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Publication numberUS4751189 A
Publication typeGrant
Application numberUS 06/838,512
Publication dateJun 14, 1988
Filing dateMar 11, 1986
Priority dateMar 11, 1986
Fee statusLapsed
Publication number06838512, 838512, US 4751189 A, US 4751189A, US-A-4751189, US4751189 A, US4751189A
InventorsRoy D. Rocklin
Original AssigneeDionex Corporation
Export CitationBiBTeX, EndNote, RefMan
External Links: USPTO, USPTO Assignment, Espacenet
Method for balancing background conductivity for ion chromatography
US 4751189 A
Abstract
A method of ion chromatography in which the sample passes through a chromatographic column, a suppressor, and a conductivity detector, using a gradient electrolyte eluent. A non-ionic polyhydroxy compound is added with the eluent to the chromatographic column at a concentration inversely related to the concentration of the electrolyte which increases with time. The effluent is passed through a membrane suppressor for the conductivity of the electrolyte. The regenerant stream in the suppressor includes a complexing agent (boric acid) which passes through the membrane into the effluent to form highly ionized complex which counterbalances the increased background conductivity of the electrolyte to stabilize the background conductivity in the conductor.
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Claims(7)
I claim:
1. A method of ion chromatography with improved background conductivity stability for analyzing a sample solution containing a plurality of anions and using a gradient eluent, said method comprising
(a) flowing said anion solution and a gradient eluent having an electrolyte of increasing ion concentration with time through a chromatographic column to separate said anions upon elution therefrom in an effluent, said gradient eluent further including an essentially non-ionic counterbalancing precursor at a concentration which decreases as the ion concentration of said electrolyte increases,
(b) adding a complexing agent to said effluent from step (a) said complexing agent reacting with said counterbalancing precursor to form an ionized complex at an ion concentration counterbalancing increasing background ion concentration of said electrolyte flowing through said conductivity detector to thereby improve the stability of the level of background conductivity flowing through the conductivity detector, and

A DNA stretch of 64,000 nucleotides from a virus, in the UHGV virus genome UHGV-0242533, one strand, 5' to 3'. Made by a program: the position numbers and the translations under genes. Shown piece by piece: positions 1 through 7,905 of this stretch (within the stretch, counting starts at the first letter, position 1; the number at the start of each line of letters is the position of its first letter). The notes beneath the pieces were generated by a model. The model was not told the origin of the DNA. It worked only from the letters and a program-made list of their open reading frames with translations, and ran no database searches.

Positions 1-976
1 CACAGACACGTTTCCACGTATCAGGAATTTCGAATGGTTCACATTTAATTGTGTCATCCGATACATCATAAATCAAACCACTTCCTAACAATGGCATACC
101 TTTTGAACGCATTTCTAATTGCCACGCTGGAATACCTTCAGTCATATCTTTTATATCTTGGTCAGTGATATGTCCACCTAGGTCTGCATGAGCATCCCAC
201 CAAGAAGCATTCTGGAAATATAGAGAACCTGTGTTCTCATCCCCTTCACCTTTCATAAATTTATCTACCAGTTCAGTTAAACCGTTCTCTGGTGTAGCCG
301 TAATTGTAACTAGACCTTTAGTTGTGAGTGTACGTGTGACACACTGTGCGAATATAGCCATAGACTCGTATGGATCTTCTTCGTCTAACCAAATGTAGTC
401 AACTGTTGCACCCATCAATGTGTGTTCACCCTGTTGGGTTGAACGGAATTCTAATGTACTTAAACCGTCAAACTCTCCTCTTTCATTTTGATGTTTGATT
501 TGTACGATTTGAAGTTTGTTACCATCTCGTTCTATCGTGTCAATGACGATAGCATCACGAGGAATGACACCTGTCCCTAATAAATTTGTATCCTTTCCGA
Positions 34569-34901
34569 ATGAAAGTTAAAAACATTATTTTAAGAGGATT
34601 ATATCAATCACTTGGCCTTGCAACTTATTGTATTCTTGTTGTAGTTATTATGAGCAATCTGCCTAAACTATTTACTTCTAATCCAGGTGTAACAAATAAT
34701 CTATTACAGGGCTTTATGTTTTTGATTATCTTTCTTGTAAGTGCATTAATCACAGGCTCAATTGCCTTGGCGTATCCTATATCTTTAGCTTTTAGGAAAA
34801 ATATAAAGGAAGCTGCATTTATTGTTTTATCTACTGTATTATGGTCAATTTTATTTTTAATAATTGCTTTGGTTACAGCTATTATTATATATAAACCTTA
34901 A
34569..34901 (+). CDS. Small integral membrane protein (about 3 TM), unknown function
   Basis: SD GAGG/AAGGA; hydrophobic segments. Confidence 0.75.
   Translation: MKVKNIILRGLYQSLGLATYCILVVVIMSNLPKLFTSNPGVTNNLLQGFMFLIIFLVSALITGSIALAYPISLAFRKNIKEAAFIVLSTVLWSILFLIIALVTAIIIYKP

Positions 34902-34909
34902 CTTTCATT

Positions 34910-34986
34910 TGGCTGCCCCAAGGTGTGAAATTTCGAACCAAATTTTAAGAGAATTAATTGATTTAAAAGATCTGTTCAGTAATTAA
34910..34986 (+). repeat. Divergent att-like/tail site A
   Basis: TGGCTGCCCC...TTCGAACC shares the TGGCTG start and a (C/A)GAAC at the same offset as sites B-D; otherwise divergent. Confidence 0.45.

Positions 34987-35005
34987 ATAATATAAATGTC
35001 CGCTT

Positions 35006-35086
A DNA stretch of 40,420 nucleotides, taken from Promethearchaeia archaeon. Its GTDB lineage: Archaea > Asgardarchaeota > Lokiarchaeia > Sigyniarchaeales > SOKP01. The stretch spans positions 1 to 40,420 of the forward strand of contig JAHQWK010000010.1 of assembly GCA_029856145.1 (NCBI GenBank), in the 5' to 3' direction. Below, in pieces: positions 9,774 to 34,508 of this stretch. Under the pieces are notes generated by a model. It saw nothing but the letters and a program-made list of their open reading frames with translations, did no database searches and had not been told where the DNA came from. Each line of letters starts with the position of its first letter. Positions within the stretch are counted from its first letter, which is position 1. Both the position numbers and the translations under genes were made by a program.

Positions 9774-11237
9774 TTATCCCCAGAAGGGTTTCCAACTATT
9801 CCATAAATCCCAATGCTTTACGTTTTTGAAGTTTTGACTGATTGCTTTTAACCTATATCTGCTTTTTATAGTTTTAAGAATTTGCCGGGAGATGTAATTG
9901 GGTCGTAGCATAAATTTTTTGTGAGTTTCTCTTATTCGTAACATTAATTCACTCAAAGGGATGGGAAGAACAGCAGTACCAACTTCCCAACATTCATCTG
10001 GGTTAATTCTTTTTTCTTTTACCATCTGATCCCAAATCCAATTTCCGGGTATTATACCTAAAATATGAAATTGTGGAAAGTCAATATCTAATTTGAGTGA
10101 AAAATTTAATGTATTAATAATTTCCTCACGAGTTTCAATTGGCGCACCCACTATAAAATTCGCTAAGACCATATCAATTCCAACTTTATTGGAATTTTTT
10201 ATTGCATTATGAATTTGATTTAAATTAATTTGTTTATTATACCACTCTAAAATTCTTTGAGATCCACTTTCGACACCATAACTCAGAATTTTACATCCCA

(c) thereafter flowing said effluent through a conductivity detector to detect the separated anions, at least a portion of said electrolyte passing through said conductivity detector as increasing background ion concentraion with time corresponding to the increasing ion concentration of said electrolyte flowing in step (a).
2. The method of claim 1 in which said counterbalancing precursor comprises a polyhydroxy compound.
3. The method of claim 2 in which said polyhydroxy compound is selected from the group consisting of a sugar and a glycerol.
4. The method of claim 3 in which said sugar is selected from the group consisting of mannitol and glucose.
5. The method of claim 1 in which said complexing agent comprises boric acid.
6. The method of claim 1 further comprising, prior to step (c), the step of
(d) passing the effluent from said chromatography column through suppressor means which permits passage of only background amounts of said electrolyte in ionized form, but which permits passage of said separated anions.
7. The method of claim 6 in which said complexing agent is added to said effluent after passage through said suppressor means.
Description
CROSS-REFERENCE TO RELATED APPLICATIONS

Reference is made to copending application U.S. Ser. No. 658,148, filed Oct. 4, 1984 now abandoned and application U.S. Ser. No. 837,330, filed Mar. 3, 1986.

BACKGROUND OF THE INVENTION

The present invention relates to a method for balancing background conductivity in the analysis of anions in ion chromatography.

Ion chromatography is a known technique for the analysis of ions which typically includes a chromatographic separation stage using an eluent containing an electrolyte, and an eluent suppression stage, followed by detection, typically by an electrical conductivity detector. In the ion chromatographic separation stage, ions of an injected sample are eluted through a separation column using an electrolyte eluent. In the suppression stage, electrical conductivity of the electrolyte is suppressed but not that of the separated ions so that the latter may be determined by a conductivity cell. This technique is described in detail in U.S. Pat. Nos. 3,897,213, 3,920,397, 3,925,019 and 3,956,559.